Days Payable Outstanding (DPO) is a financial metric used to calculate, on average, how many days a company is taking to pay its suppliers. DPO is a useful indicator of a company’s health. Accounts payable refers to the amount of money that a company owes to its creditors and suppliers. Days Payable Outstanding is an important metric that often informs decisions regarding accounts payable.
How is Days Payable Outstanding Calculated?
The formula for calculating days payable outstanding is:
DPO = accounts payable x number of days / cost of goods sold
(/ = divided by)
Where accounts payable = the money that is owed to suppliers at the end of a specified period (normally a year or a quarter). Alternatively, it can be the average money owed over that period.
Where number of days = the period of time used in the accounts payable calculation.
Where cost of goods sold = the cost for producing inventory, which includes raw materials and shipping costs.
As an example, a company has an accounts payable valued at £150,000. This is the average over a year period. The cost of goods sold came to £450,000 over that same period of time. Thus:
DPO = 150,000 x 365 / 450,000 = 121.6 Days
How to Interpret DPO
As with Days Inventory Outstanding (DIO) and Days Sales Outstanding (DSO), it is important to consider the DPO in the context of the sector that a company works in. This will give a good indicator to the financial health of a company.
A high DPO means that a company is delaying payments successfully allowing more money in working capital. If a company can make inventory and sell it before paying for the materials and shipping it is in a dream situation. That is, as long as the high DPO is not the result of liquidity issues. If a company is delaying payments because it hasn’t got the money to pay its creditors then that is a nightmare scenario.
A low DPO may indicate a number of things. Firstly, it might be that a company is not taking full advantage of its terms of payment agreements with its suppliers. Better terms might be available. It might be that the suppliers are charging extra and are happy to accept slow payment because they are factoring their invoices. And it might be that the company in question is being smart and securing early payment discounts.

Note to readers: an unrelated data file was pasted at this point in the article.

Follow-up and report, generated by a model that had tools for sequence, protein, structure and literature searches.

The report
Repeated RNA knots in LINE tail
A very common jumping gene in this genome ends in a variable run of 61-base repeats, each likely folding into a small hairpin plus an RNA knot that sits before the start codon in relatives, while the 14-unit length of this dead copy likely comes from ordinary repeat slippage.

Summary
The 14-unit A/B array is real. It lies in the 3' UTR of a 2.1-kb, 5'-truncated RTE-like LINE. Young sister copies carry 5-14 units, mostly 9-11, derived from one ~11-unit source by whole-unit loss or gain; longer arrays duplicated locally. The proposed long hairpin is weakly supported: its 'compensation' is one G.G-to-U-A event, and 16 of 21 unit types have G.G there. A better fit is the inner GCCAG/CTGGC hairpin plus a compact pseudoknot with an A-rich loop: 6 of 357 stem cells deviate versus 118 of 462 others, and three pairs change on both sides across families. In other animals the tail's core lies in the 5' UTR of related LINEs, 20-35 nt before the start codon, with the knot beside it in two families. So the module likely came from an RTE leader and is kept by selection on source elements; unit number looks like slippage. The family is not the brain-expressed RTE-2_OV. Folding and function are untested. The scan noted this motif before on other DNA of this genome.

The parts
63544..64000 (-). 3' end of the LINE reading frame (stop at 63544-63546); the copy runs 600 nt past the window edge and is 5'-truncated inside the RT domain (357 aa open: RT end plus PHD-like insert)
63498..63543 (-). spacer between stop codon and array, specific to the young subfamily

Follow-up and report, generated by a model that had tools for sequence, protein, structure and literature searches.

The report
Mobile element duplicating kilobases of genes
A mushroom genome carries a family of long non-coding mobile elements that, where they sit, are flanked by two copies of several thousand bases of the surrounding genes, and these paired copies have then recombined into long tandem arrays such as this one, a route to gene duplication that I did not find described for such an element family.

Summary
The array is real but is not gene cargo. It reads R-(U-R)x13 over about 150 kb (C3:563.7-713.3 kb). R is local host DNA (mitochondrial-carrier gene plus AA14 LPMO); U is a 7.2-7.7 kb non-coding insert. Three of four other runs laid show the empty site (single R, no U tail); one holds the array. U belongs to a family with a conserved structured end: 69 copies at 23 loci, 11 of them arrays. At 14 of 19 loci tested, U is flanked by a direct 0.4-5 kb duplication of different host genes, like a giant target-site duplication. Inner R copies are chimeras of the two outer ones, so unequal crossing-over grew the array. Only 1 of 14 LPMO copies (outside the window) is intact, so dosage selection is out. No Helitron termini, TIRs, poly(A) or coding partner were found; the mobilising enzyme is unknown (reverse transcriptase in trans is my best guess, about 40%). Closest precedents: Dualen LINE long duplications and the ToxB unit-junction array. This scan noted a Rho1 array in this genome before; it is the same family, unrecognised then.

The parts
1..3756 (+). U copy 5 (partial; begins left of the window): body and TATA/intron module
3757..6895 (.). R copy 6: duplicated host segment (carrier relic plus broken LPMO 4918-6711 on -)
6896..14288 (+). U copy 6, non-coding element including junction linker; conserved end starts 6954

From the outside, a company that is quick to pay its suppliers creates good will. A low DPO might indicate a close and mutually beneficial relationship between supplier and customer.
The Sweet Spot
DPO should not be taken in isolation. Supply chains have become long and complex in the global age. Thus, if a company takes a long time to pay its suppliers it will cause the suppliers to have a high Days Sales Outstanding (DSO). A high DSO means a company has money tied up in unpaid bills for too long. This affects working capital in a detrimental way. A winner who takes ages to pay must also create a loser who has to wait ages for payment. Communication between company and supplier is key to finding a good balance.
Cash Conversion Cycle
Another facet of Days Payable Outstanding is that it is used in the calculation for the cash conversion cycle. This metric measures how long it takes for money spent on raw materials to be converted into inventory, and then to be converted back to cash via sales. For more read our post What is the Cash Conversion Cycle?
The Days Payable Outstanding is a number indicative of how long a company is taking to pay its suppliers. While a high number is usually preferable, it is not always the case. DPO is also used to calculate a number for the cash conversion cycle.